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Assessment ups the ante on climate change

Nature volume 409, page 445 (25 January 2001) | Download Citation



Stern warning: John Houghton unveils the revised predictions on global warming. Image: AP

Global warming is liable to become an even more acute problem than anticipated, according to the new assessment of the Intergovernmental Panel on Climate Change (IPCC).

Whereas global average-surface temperature has increased by 0.6 °C during the past century, it is set to rise by between 1.4 °C and 5.8 °C by 2100, according to the report. There is “new and stronger evidence” that global warming is caused by human activities, it adds.

“The projected rate of warming is much larger than the observed changes during the twentieth century and is very likely to be without precedent during at least the last 10,000 years, based on palaeoclimate data,” it says.

The report was finalized and unanimously accepted last week in Shanghai by 150 scientists and government representatives of the IPCC's working group on the science of climate change. The working group's third assessment report (the first two were published in 1990 and 1995) was three years in the making, involving 123 lead authors from around the world, and more than 500 contributing authors.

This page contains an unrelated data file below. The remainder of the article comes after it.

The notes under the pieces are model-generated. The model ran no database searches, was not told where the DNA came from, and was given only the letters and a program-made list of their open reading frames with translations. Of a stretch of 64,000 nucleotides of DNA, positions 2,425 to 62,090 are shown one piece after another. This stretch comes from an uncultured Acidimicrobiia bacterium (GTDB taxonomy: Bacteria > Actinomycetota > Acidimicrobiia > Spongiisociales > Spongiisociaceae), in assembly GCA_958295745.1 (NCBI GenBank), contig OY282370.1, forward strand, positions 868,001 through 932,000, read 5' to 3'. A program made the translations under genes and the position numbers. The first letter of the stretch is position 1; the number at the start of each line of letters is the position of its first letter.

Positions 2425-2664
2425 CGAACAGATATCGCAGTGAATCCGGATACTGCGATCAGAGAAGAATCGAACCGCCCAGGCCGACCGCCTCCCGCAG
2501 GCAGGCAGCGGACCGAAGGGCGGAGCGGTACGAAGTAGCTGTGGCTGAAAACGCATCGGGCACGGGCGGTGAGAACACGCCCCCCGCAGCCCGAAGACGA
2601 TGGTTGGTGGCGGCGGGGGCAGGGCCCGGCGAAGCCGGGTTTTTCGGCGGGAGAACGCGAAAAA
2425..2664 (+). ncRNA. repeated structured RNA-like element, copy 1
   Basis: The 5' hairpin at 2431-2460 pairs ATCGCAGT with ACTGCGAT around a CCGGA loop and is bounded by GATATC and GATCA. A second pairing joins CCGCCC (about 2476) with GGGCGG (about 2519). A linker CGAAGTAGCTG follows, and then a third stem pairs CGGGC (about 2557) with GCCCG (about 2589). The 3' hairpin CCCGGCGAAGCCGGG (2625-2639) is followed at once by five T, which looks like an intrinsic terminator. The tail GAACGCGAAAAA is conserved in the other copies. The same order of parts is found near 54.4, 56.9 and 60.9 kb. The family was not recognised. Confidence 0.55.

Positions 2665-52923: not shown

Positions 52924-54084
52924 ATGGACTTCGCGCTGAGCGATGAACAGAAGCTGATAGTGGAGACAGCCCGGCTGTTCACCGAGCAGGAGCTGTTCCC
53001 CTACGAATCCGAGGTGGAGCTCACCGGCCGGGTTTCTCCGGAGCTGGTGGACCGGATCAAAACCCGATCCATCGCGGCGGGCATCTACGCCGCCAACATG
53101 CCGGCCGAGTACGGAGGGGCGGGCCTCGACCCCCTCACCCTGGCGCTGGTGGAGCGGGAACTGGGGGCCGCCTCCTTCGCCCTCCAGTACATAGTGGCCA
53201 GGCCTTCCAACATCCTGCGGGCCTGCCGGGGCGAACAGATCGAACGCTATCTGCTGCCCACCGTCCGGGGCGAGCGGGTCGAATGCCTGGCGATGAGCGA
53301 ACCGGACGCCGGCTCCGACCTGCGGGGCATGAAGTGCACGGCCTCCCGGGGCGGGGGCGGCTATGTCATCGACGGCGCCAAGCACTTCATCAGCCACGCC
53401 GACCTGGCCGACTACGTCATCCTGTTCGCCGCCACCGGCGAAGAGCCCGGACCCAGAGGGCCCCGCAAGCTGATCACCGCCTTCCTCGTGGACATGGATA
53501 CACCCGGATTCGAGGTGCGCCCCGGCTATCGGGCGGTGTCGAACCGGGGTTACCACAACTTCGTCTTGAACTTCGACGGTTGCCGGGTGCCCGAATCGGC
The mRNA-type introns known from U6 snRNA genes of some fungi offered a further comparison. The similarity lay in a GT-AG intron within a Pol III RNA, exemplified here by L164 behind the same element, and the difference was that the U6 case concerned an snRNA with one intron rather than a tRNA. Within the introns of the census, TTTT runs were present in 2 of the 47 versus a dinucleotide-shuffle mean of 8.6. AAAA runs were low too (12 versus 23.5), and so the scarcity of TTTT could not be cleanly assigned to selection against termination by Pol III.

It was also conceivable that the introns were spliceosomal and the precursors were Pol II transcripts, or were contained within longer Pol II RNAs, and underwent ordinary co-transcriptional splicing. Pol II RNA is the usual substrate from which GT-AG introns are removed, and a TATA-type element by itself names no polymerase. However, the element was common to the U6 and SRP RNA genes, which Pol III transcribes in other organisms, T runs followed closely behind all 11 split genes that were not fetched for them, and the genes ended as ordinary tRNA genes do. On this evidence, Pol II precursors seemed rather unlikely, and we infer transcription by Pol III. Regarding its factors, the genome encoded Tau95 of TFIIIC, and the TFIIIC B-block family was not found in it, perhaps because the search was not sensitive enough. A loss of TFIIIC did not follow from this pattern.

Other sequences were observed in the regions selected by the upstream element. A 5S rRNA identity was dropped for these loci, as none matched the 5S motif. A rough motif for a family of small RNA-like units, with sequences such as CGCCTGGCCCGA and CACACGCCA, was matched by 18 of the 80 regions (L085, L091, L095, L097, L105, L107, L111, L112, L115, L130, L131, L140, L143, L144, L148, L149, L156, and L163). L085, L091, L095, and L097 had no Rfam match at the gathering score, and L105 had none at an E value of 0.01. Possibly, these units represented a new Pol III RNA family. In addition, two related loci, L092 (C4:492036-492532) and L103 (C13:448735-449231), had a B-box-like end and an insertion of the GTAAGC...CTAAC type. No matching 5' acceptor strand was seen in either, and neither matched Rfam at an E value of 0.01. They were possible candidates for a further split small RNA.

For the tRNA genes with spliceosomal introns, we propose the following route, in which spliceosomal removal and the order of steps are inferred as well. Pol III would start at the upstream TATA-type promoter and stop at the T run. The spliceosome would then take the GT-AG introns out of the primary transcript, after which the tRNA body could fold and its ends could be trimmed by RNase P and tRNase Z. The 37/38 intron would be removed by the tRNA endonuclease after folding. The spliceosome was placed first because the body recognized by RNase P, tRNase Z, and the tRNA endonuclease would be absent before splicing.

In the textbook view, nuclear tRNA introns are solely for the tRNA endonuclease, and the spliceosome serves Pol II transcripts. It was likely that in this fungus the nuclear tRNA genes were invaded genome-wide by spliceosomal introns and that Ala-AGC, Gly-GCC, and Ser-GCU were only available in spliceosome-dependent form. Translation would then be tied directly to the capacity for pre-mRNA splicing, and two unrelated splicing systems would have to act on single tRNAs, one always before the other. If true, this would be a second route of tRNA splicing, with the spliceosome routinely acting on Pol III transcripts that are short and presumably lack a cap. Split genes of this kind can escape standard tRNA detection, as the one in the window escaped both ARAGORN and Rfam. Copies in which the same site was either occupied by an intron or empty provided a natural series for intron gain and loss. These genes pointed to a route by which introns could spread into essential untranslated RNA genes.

The new estimation of the probable range of global warming differs considerably from that in the 1995 report, which had projected a maximum temperature rise of 3.5 °C. The new projection — almost the same as the figures leaked to the press last October — is based on advances in climate modelling and on data that have become available from empirical work since 1995.

But the authors of the report remained cautious about detailed predictions of possible climate instabilities on a more regional scale. Frequency and intensity of extreme local weather events, such as hurricanes and heavy rainfall, have been excluded from the projection, owing to “scientific uncertainties”. New research on possible discontinuities in the ocean circulation, such as a shut-off of the thermohaline circulation of the North Atlantic (see Nature 409, 153–158; 2001), was also left unconsidered.

The report arrives after international talks last November failed to reach agreement on implementing the 1997 Kyoto Protocol to reduce greenhouse-gas emissions.

John Houghton, co-chair of the IPCC working group on the scientific assessment of climate change, is happy that the “serious news” of the report was accepted by the representatives of governments, including the United States and Saudi Arabia, which, in the past, had been reluctant to accept evidence for man-made climate change.

“It is now widely undisputed that the increased intensity of the hydrological cycle will lead to a rise in sea levels, and, in some regions, to more frequent floods and droughts,” Houghton says. “I hope that this insight will do a great deal to convince governments that actions further to the Kyoto Protocol are urgently needed.”

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